The Future of Payments in Five Charts

Contact Expert: Jim Johnson, head of Merchant Solutions at FIS®

Earlier this year, FIS released our annual Global Payments Report. Described as the payments industry Bible by merchants around the world, the report showed the extent to which the adoption of digital payments has accelerated over the past year. Not only has this acceleration caused merchants to rethink how they engage with customers now, it has radically changed our view of the future of payments and the speed of change we can expect in the next decade.

As they say, a picture tells a thousand words. Here are the five most important charts from this year’s FIS Global Payments Report, and what we think they mean for the future of the payments industry.

1. E-commerce skyrockets

E-com has been accelerating during the pandemic, posting the highest global growth (19%) in the past 5 years

The global e-commerce market grew 19% to $4.6 trillion last year, the highest growth in the past five years. That equates to almost three years of typical acceleration in a single year. Our modeling shows that by 2024, e-commerce will grow a further 60%, principally driven by mobile commerce through apps and social channels, reaching an estimated $7.3 trillion globally.

We expect this trajectory to only increase beyond 2024 as consumers become more comfortable with making purchases online and via mobile. As e-commerce and mobile commerce continue to gain ground in the next decade, retailers will need to strategize for online and mobile devices as the number one point of purchase and implement compelling, channel-agnostic and unified experiences for all consumers.

2. Mobile wallets are no longer an alternative option

Mobile wallets share went up 5 percentage points in 2020, which equates to 3 years' worth of growth in a single year

Driven by mobile commerce, mobile wallets will become the most popular online payment method by 2024 globally, accounting for over a third of all payments in that time. In the U.S. alone, mobile wallets are predicted to overtake physical cards as the most popular online payment method in the next three years.

If this trend continues, we anticipate that digital wallets could make credit cards fully digital within the next decade. Interestingly, we are already seeing merchants catch on to this trend, with online marketplaces scaling to an unprecedented level.

Within the next five years, we expect cash will account for less than 13% of payments worldwide.

3. The cashless society of the future is now a reality

Mobile wallets share went up 5 percentage points in 2020, which equates to 3 years' worth of growth in a single year

In 2020, cash accounted for just one-fifth of all in-store payments globally, trailing significantly behind credit cards (50% of in-store payments) and mobile wallets (26%). Within the next five years, we expect cash will account for less than 13% of payments worldwide.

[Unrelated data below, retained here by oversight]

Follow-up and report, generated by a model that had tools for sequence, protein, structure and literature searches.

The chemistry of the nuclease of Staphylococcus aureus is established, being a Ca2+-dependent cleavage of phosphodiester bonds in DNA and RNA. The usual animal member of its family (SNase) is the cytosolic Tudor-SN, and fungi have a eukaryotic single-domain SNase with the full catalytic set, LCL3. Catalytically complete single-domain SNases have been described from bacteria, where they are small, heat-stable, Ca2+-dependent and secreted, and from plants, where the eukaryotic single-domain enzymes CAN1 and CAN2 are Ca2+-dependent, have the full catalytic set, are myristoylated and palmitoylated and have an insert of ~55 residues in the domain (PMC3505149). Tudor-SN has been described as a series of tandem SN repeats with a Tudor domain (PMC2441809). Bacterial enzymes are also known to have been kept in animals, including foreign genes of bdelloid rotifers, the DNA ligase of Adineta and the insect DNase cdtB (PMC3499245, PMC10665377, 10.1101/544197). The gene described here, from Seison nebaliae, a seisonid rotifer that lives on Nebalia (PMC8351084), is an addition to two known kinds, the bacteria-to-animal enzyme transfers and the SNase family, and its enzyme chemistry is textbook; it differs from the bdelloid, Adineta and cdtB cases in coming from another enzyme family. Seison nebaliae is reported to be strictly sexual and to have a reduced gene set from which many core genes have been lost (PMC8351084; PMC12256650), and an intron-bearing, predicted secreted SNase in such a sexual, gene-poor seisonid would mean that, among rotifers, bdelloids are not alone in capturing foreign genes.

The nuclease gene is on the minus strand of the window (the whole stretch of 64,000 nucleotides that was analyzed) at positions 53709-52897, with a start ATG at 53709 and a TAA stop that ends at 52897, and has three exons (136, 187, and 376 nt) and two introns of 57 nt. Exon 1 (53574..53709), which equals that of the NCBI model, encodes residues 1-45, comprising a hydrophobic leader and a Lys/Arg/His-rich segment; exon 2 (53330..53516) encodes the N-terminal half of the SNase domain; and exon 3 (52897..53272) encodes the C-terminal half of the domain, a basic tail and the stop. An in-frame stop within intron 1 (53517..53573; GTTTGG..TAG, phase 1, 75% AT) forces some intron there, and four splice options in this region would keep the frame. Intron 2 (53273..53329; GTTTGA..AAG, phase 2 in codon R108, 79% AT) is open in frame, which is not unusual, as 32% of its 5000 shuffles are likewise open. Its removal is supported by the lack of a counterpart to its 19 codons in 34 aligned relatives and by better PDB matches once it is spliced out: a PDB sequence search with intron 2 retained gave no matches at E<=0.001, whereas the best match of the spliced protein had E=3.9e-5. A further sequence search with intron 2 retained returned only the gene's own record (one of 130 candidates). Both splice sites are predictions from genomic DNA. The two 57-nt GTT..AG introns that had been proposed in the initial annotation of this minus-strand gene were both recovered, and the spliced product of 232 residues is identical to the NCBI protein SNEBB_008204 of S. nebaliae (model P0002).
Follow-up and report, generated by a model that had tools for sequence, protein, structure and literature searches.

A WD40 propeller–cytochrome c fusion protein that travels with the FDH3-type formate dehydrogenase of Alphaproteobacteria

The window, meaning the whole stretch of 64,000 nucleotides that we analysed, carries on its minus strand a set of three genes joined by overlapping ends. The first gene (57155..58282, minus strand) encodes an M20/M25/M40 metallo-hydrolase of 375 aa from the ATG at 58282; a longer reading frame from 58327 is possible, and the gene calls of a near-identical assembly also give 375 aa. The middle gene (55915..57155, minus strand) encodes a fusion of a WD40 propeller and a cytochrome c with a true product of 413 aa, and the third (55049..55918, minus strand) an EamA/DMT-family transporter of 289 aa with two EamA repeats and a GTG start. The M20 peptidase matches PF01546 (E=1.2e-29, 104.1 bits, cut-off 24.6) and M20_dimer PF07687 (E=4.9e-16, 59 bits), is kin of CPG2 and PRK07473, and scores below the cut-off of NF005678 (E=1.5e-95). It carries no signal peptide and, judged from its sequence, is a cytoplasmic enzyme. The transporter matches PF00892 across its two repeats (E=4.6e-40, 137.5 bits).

While we don’t expect the world to be fully cashless by 2030, it’s highly likely that several countries – including Australia, Denmark, Norway and Sweden – will have a negligible amount of cash in circulation by the end of the decade and that cash usage will be limited largely to person-to-person payments and tipping.

4. Buy now, pay later (BNPL) is now the fastest-growing payment method

Use of buy now pay later set to double by 2024

By 2024, an estimated $306.8 bn of e-commerce purchases will be made via BNPL, increasing from $97.2bn in 2020. The reason: More consumers are choosing BNPL as a way to budget and control finances, managing the cost purchases directly at the point of sale.

Within the next decade, depending on the impact of various regulations, the BNPL trend will continue to expand into other verticals. We also predict BNPL brands will use their brand equity and strong customer loyalty to expand into other areas of financial services, such as Klarna’s recent move into retail banking in Germany.

5. Digital wallets go from bank card to bank account

Funding sources of mobile wallets are changing

Driven by regulatory changes and increased adoption of open banking, a growing number of mobile wallets are being funded directly from bank accounts. Already in Thailand, Finland, Vietnam, the Netherlands, South Africa and Norway, more than half of users fund their digital wallets directly from their bank account. In the U.K., U.S. and Australia, fewer than a third of users directly fund their digital wallet from their bank account as physical debit and credit cards continue to fund more than half of all digital wallets globally. We expect those percentages to flip by the end of the decade as consumers in the West become more comfortable with account-to-account based wallets.

To read more about the payments trends of the future, visit our dedicated Global Payments Report site.

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© FIS 2021

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